Since my previous blog about IBS and SIBO I have had so many questions from my patients wanting to know more about SIBO. What stands out to me the most is a confusion around what to eat, with the most common questions surrounding prebiotic, fibre rich foods and if they help or hinder SIBO.
What is a prebiotic food and what does our gut do to it?
A prebiotic is a non-digestible food ingredient that it is not broken down or absorbed in the higher parts of our gastrointestinal tract(1). There are a lot of foods with prebiotic properties including chickpeas, legumes, leeks, rye bread, garlic and cashews(2). They play a special role in our health - they act as food to our gut's good bacteria, increasing their numbers (lactobacilli and bifidobacteria(3)) and improving our overall health(1).
Why do these healthy foods cause discomfort?
In SIBO, the overgrowth of bacteria causes inflammation and hurts your gut wall affecting your ability to breakdown and digest food. The bugs themselves play havoc with your own enzymes and body processes. For example there is loss/decrease in an enzyme called disaccharideses, which is important for breaking down carbohydrates and sugars. This means that any food, like a prebiotic food that contains fructose, lactose and sorbitol, may not be digested properly, resulting in those uncomfortable symptoms you experience(4).
Treating SIBO… with prebiotics?!
You may notice that some of the foods that cause your discomfort are also considered to be high FODMAP foods. FODMAP describes a group of of short-chain carbohydrates and sugar alcohols comprising of fructose, lactose, fructo- and galactooligosaccharides (fructans, and galactans), and polyols(5).
To provide symptom relief from SIBO we may suggest avoiding these high FODMAP prebiotics foods (looking at you apples, onions and garlic!) for a short period of time. It is really important to know that excluding these foods long term is not the answer and will not fix SIBO(6). A healthy gut is dependant on you eating a fibre rich, highly diversified diet so restricting these foods for a long period of time will only worsen your situation and increase your sensitivity to more foods(7). It's not uncommon that we see patients tolerating only a handful of foods and it's best to avoid this!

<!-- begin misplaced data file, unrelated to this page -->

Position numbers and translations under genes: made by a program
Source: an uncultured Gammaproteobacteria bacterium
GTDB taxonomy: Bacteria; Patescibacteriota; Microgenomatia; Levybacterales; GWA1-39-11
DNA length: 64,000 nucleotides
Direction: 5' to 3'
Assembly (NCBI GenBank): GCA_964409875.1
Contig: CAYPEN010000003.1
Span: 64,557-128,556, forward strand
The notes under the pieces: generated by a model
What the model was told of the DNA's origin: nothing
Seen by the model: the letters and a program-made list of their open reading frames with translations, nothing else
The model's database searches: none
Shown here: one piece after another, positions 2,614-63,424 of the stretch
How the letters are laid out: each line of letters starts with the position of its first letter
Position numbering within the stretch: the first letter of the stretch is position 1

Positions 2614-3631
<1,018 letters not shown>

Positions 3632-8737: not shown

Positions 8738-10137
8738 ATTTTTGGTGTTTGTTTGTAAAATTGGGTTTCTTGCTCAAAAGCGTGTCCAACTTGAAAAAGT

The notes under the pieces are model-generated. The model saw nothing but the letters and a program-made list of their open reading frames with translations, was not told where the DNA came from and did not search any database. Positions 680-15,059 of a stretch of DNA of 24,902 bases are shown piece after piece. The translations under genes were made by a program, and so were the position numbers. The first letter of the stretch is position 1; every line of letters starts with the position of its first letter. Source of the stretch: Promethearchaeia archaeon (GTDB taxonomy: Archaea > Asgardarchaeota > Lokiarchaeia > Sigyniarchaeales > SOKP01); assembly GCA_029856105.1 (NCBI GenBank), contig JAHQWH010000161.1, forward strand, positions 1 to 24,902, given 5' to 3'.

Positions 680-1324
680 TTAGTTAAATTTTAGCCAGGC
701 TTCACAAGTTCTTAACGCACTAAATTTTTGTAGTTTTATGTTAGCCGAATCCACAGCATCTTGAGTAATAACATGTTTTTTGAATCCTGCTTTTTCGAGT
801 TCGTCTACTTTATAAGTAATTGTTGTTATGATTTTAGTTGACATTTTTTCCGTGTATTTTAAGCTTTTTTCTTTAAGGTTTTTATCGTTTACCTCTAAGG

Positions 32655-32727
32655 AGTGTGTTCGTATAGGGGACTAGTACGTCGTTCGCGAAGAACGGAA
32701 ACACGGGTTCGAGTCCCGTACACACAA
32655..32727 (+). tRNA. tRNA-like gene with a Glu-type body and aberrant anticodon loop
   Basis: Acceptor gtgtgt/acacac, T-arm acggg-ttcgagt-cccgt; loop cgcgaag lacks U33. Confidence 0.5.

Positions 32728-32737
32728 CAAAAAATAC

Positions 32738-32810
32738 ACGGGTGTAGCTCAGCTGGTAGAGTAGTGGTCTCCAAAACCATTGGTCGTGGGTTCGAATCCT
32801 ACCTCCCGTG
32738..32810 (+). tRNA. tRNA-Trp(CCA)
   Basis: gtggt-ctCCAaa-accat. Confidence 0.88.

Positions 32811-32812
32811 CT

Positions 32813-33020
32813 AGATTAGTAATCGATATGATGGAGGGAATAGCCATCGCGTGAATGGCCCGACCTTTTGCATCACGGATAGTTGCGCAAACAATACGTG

As part of our treatment for SIBO we use certain types of prebiotics in combination with probiotics and specific antimicrobials (bug killers). These types of prebiotics have beneficial roles in our gut health that are important for restoring your gut health.
The following are four common prebiotic supplements on the market, three of which we use regularly in the treatment of SIBO. The fourth is not advised!
Lactulose is made up of two sugars, galactose and fructose, which is not broken down or absorbed in our small intestine. Lactulose increases our good bugs like bifidobacteria(8) and decreases the bad ones like clostridia(9). It is generally well tolerated, however you can take too much of it and end up with loose bowels(8).
2. Partically Hydrolysed Guar Gum (PHGG)
PHGG is a natural water soluble fibre that has been broken down by an enzyme to make it smaller and to decrease the amount of galactomannon (10). PHGG increases the good bugs Bifidobacterium and Lactobacillus species and decreases nasty waste products such as ammonia(11). PHGG can also give softer stools to assist constipation(12). Studies also show that PHGG in combination with an antibiotic to treat SIBO was more useful in eradicating SIBO compared with the antibiotics alone(13), how amazing!
3. Galacto-oligosaccarrides (GOS)
GOS is formed by breaking down lactose, a common sugar found in dairy. GOS is known to increase the good bugs bifidobacteria and reduce the bad bugs, clostridia and bacteroides. Another benefit of GOS alone or in combination with a probiotic is that it can support our immune system. GOS used in its recommended dosage range is well tolerated. Again, too much of a good thing can lead to problems; abdominal discomfort, cramping, flatulence and diarrhoea(14).
Inulin is beneficial to out gut because it supports our good bugs bifidobacteria. However, because it is made up fructans(15), it can be really uncomfortable to consume if you have SIBO. Studies have found inulin increases flatulence, rumbling, stomach and gut cramps, and bloating(16). So best to avoid this one!
Take home messages
Prebiotics are very powerful and beneficial for SIBO. But remember, not all prebiotics are the same.
If certain foods are causing you pain, bloating, constipation, or diarrhoea, this is your body communicating to you that your digestion system is struggling. Ironically the foods that cause discomfort are the same foods that are important to your health. Instead of excluding these foods, we need to improve your digestive system so you can tolerate these and improve your health in the long run. This can be impossible to navigate by yourself so get a professional on board to help correct your bugs, restore your gut wall and find the diet and fibre that is right for you.
After this, you may even be able to handle eating delicious lentils, onion, garlic and apples!
BHSc (Naturopathy), BPH (Nutrition)